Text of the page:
We would like to share some exciting news on our collaboration with Dr. Raul Diaz & Dr. Julia Molnar. Journal of Morphology has notified us that published paper:
“Comparative musculoskeletal anatomy of chameleon limbs, with implications for the evolution of arboreal locomotion in lizards and for teratology” had huge contributions to the growing profile of Journal of Morphology.
- Amongst articles published between July 2016 and June 2018, your article received some of the highest downloads in the 12-months post online publication.
- Article generated immediate impact and helped to raise the visibility of Journal of Morphology.
For their research paper they have used our facility to perform staining of chameleon limbs and later performed microCT scans to visualize morphological structures. Full article can be found here:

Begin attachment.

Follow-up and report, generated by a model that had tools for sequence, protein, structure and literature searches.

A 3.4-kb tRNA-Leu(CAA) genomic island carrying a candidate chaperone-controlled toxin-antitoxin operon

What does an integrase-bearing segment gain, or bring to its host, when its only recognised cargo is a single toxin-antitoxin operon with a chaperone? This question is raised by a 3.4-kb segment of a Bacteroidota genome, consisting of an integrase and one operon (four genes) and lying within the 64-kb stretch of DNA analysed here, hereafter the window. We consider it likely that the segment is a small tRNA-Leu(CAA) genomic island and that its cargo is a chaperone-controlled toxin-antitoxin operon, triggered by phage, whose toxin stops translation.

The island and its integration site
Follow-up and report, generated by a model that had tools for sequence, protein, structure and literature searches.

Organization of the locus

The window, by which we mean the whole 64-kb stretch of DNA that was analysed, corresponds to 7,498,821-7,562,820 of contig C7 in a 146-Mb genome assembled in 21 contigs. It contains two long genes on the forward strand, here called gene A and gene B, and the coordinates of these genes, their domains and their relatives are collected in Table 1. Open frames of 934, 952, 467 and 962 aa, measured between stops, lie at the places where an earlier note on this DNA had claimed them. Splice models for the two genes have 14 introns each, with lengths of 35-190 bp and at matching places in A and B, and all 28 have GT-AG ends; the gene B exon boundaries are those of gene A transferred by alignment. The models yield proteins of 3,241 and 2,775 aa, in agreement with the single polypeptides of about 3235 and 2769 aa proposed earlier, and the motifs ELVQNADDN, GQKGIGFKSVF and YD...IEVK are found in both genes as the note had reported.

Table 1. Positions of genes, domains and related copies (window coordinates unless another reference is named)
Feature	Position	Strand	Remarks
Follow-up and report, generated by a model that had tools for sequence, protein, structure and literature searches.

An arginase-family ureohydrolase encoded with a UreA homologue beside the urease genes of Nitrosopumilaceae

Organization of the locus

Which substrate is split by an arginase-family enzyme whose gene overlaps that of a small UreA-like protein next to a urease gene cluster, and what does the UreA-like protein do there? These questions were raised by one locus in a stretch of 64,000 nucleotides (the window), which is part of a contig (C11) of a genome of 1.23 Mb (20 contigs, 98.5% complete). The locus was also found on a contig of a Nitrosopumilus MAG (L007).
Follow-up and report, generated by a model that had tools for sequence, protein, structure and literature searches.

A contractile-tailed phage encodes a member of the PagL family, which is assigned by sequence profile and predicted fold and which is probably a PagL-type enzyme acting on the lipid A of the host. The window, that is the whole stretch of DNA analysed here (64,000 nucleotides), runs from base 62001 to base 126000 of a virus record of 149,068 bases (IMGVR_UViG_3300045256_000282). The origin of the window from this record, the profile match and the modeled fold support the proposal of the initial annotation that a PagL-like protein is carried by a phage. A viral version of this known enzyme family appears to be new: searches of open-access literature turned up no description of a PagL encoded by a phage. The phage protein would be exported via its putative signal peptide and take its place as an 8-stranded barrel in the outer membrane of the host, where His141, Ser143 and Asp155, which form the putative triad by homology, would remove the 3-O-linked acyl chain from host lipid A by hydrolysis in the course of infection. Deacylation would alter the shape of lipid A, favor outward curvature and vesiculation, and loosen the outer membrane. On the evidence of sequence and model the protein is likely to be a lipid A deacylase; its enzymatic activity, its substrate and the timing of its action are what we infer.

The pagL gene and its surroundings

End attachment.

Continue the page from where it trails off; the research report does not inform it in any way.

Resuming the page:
Chameleon species have recently been adopted as models for evo‐devo and macroevolutionary processes. However, most anatomical and developmental studies of chameleons focus on the skeleton, and information about their soft tissues is scarce. Here, we provide a detailed morphological description based on contrast enhanced micro‐CT scans and dissections of the adult phenotype of all the forelimb and hindlimb muscles of the Veiled Chameleon (Chamaeleo calyptratus) and compare these muscles with those of other chameleons and lizards. We found the appendicular muscle anatomy of chameleons to be surprisingly conservative considering the remarkable structural and functional modifications of the limb skeleton, particularly the distal limb regions. For instance, the zygodactyl autopodia of chameleons are unique among tetrapods, and the carpals and tarsals are highly modified in shape and number. However, most of the muscles usually present in the manus and pes of other lizards are present in the same configuration in chameleons. The most obvious muscular features related to the peculiar opposable autopodia of chameleons are: (1) presence of broad, V‐shaped plantar and palmar aponeuroses, and absence of intermetacarpales and intermetatarsales, between the digits separated by the cleft in each autopod; (2) oblique orientation of the superficial short flexors originating from these aponeuroses, which may allow these muscles to act as powerful adductors of the “super‐digits”; and (3) well‐developed abductor digiti minimi muscles and abductor pollicis/hallucis brevis muscles, which may act as powerful abductors of the “super‐digits.”